used to be along the stage-traversed turnpikes of old Virginia, and
adjoining it are extensive barns and stables. There seemed to be many
travelers staying the night. We are really at an important point, for
here two state highways separate, the one over which we have come
leading to Odnaes, and the other diverging southward toward Lake
Spirillen and the country known as the Valders, continuing on straight
through to Kristiania. The house is painted white, and has about it an
air quite like a farmstead in New England or New York. We were
expected when we arrived. Word of our coming had been telephoned from
Tonsaasen, and also from Kristiania. A large bedroom on the second
story is given us. The floor is painted yellow and strips of rag
carpet are laid beside the narrow bedsteads, where we sleep under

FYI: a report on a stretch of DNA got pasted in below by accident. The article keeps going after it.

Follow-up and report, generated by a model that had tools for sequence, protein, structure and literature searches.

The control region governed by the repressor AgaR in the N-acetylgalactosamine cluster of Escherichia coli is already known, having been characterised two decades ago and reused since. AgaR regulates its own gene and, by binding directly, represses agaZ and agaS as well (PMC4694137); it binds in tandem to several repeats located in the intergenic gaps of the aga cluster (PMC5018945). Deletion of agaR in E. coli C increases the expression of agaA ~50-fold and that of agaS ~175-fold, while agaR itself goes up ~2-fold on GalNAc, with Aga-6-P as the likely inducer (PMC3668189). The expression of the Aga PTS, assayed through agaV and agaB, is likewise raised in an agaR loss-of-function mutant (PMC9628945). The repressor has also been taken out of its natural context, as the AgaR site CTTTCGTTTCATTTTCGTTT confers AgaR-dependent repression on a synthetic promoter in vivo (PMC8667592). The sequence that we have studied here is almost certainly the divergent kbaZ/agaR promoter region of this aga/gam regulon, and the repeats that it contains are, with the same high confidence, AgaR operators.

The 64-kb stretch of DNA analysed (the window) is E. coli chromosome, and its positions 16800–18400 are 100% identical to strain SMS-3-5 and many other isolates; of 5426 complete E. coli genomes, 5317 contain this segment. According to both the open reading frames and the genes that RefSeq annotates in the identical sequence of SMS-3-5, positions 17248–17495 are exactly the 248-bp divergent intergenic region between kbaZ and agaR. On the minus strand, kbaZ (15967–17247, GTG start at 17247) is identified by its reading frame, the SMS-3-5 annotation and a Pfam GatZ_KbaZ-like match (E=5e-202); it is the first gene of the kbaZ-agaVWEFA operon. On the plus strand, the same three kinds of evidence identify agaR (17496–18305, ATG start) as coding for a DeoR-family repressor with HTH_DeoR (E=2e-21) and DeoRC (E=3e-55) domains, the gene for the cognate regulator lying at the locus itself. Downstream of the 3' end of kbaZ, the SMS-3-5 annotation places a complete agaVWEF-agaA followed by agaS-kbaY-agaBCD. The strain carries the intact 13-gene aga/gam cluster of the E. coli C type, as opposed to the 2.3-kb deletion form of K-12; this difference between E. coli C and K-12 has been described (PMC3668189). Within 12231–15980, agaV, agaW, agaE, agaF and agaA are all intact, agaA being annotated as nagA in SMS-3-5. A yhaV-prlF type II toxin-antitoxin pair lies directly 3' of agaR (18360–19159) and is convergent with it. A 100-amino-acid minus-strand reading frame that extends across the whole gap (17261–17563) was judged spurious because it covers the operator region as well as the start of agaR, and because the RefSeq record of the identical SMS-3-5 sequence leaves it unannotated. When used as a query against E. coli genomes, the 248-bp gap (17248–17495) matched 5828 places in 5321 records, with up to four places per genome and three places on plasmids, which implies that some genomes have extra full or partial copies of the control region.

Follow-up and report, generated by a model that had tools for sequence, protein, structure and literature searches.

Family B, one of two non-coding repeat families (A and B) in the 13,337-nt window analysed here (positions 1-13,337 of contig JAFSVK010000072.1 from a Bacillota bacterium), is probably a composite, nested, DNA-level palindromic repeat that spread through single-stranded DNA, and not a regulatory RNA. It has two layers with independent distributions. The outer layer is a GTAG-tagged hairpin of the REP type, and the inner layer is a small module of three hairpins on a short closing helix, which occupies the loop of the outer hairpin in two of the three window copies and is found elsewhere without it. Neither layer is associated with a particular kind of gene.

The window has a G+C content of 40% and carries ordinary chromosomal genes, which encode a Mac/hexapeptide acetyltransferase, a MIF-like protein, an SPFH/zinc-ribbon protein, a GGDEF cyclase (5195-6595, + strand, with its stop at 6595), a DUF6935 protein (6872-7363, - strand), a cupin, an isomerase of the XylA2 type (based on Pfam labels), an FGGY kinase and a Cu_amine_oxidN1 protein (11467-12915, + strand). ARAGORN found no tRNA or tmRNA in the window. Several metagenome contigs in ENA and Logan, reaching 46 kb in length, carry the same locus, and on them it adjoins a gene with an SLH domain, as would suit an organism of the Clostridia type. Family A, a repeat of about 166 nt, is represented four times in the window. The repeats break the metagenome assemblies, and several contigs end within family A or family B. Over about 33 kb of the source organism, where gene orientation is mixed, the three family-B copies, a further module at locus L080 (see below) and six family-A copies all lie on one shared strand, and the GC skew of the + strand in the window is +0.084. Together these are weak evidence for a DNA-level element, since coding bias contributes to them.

eider down. I am writing by the light of a home-made candle. It is
late, the silence of the night is unbroken save by the ticking of the
tall clock on the staircase landing outside my door, and the
occasional neighing of a horse or lowing of a cow. It is the silence
of the contented country-side.


A Drive Along the Baegna Elv--the Aurdals Vand and Many More to

    SKOGSTAD, NORWAY, _September 2, 1902_.

Here we are eighty-four kilometers (sixty-one miles) from Frydenlund,
where we spent last night. All day we have sat in an easy carriage,
inhaled the glorious buoyant air, and driven over a superb macadamized
road. We have skirted the shores of five lakes or _vands_--called
_fjords_,--amidst towering snow-marked mountains, passing beneath